Frevo was released in 1980 and is an homage to the great Paco de Lucia, one of the most famous Andalusian guitarists of the 20th century. A Fala da paixão, or “the speech of passion,” comes from Gismonti’s album Infancia, recorded in Oslo, Norway in 1990. This piece was originally composed for solo piano. The title for Allegrinho n. 2 is indicative of his musical voice, a classical tempo marking like “allegretto,” but translated into Portuguese. Karatê was originally composed for a large ensemble including bandoneon, flute, piano, and drum set.


Sonata de los viajeros                                                                         Leo Brouwer (b. 1939)

  1. Primer viaje a tierras Heladas.
  2. El Retablo de las maravillas – la venus de Praxíteles
  3. Visita a Bach en Leipzig
  4. Por el mar de las Antillas

Leo Brouwer is a Cuban composer, conductor, and guitarist. He comes from a musical family as the grandson of the Cuban composer Ernestina Lecuona y Casado. His second cousin, Margarita Lecuona, composed the song “Babalú,” which was made famous by Desi Arnez. While growing up in Gavana, Brouwer studied under Isaac Nicola, leaving only three degrees of separation between him and the famous Spanish guitarist Francisco Tarrega. He went on to study under Vincent Persichetti at Juilliard. Brouwer worked alongside Morton Feldman in Germany during the 1970s, but his career was tragically cut short due to an injury to a tendon in the middle finger of his right hand.

The title of this work translates to “The Traveler’s Sonata.” The first movement is meant to represent the “frozen lands” found in the highest parts of the Andes Mountains. The second movement is inspired by the sculpture of Aphrodite (Venus), completed by the Greek sculptor Praxiteles. Brouwer describes this sculpture as the “altarpiece of the wonders.” The third movement tells the story of a visit to Bach in Leipzig, and is full of quotations of Baroque melodies. In the final movement, the listener is transported to the sea of Antilles. This music is relatively conventional and tonal for a piece of 21st century classical music.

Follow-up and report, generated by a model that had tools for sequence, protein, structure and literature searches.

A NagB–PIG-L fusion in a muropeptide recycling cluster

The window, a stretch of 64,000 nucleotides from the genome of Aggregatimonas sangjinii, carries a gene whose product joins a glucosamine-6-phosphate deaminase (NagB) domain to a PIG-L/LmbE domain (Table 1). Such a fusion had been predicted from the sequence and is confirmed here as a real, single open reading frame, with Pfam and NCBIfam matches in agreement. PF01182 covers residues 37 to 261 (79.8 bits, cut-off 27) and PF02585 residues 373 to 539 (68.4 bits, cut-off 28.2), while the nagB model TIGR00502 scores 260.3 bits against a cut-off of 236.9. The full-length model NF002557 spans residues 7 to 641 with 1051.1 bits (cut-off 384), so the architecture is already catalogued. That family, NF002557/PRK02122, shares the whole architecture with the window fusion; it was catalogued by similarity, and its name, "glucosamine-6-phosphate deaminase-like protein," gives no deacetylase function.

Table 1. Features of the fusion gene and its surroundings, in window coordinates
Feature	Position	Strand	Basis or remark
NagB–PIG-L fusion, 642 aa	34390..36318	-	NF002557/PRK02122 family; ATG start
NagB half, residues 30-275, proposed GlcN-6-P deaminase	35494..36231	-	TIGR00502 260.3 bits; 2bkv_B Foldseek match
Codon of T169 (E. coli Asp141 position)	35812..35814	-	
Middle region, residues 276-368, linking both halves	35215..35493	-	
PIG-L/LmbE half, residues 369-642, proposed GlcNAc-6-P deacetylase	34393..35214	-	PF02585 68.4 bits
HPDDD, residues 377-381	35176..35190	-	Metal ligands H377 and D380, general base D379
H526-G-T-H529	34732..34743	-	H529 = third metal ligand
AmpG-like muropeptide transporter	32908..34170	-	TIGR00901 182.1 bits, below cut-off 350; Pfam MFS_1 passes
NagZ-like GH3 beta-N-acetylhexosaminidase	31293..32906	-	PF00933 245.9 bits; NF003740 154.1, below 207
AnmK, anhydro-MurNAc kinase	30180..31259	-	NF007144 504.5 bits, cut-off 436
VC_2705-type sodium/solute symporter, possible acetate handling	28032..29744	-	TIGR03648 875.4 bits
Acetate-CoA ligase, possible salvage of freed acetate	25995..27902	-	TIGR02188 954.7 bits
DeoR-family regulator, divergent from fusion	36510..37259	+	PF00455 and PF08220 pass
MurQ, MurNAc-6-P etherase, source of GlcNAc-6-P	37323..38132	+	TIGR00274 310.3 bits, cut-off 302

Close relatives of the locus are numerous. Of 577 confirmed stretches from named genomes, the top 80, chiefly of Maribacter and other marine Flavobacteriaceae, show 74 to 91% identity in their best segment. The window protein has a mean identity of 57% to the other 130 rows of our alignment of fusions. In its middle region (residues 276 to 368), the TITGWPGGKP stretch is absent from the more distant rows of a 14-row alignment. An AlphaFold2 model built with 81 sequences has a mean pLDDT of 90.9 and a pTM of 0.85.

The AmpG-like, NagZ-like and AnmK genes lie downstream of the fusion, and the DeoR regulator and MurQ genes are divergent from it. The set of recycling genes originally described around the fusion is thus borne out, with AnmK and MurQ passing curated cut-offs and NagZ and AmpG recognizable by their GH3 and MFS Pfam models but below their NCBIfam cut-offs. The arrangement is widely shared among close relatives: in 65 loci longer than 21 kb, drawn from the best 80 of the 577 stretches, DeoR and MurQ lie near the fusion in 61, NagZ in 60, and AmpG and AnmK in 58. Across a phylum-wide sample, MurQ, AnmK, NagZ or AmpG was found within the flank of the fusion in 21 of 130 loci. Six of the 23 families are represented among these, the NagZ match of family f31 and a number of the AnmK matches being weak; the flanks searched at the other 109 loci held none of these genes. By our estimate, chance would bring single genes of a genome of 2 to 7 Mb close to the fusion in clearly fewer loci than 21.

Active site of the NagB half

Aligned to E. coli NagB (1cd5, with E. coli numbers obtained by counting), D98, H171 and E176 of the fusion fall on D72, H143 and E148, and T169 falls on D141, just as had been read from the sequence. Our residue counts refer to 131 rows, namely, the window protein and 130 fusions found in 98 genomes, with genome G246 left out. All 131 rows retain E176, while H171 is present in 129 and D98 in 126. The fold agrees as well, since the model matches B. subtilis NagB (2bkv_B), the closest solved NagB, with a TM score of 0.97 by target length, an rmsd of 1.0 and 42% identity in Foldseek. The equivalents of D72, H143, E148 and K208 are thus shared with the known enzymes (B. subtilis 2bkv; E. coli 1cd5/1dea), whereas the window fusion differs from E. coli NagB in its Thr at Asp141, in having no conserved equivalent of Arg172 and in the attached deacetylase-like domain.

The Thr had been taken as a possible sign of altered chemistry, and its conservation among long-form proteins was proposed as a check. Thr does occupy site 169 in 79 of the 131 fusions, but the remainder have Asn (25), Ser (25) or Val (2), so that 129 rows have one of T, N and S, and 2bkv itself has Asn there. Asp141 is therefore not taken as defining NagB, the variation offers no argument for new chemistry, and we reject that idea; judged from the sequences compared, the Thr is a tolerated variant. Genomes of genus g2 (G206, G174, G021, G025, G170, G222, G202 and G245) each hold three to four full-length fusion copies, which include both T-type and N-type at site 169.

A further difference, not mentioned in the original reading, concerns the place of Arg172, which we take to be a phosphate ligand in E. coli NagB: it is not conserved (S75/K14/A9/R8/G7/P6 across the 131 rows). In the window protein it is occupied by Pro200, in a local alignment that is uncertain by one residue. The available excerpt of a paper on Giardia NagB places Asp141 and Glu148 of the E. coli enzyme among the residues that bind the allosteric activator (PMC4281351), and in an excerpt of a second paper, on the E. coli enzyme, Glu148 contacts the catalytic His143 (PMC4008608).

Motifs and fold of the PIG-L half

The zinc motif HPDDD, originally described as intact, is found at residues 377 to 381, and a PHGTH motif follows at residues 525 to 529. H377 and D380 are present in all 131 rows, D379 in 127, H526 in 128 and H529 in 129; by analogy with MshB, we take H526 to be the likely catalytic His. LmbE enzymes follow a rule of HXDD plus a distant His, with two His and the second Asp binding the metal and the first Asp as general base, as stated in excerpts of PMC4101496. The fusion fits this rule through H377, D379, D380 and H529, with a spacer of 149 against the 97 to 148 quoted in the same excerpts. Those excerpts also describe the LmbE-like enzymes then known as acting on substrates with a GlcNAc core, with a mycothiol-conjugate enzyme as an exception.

Tico-tico no Fubá                                                                   Zequinha de Abreu (1880-1935)

José Gomes de Abreu, also known as Zaquinha de Abreu, was a composer and wind instrumentalist from Brazil. Abreu played the flute and clarinet but was best known as a composer of Brazilian choro music. This popular music form was extremely popular in Brazil during the 20th century. His mother wanted him to become a priest, and he ended up studying harmony while attending the São Paolo Seminary at the age of 17. After founding his wind orchestra to accompany weddings, dances, and silent films, he wrote his most famous work in 1917, Tico-tico no Fubá.

This choro song was popularized in the 1940s by the singer Carmen Miranda in the United States. It became one of the most recorded songs in the world at the time. The song has appeared in no fewer than six Hollywood films. The Brazilian synchronized swimming team performed to this piece in the 2013 Olympics in Barcelona. The song title refers to a sparrow stuck in cornmeal.

Doce de Coco                                                                         Jacob do Bandolim (b. 1918 -1969)

Jacob De Bandolim was born Jacob Pick Bittencourt in Rio de Janeiro in 1918. He was a prolific composer of Brazilian choro music. His stage name means “Mandolin Jacob,” which was his principal instrument. De Bandolim wished to combat the stereotype of the disheveled, drunk folk musician, so he always required his band members to be impeccably dressed and to keep a day job.

Doce de Coca is a lyrical piece that roughly translates to “Coconut Candy,” meant here as a term of endearment, like “Sweetheart.” The song is upbeat and romantic, with rhythms designed to keep listeners dancing through the night. For popular music, the piece uses relatively unsettled harmonies while maintaining a calm, easy-going character. Originally conceived as a purely instrumental work, it does include lyrics written by Herminio Bello De Carvalho.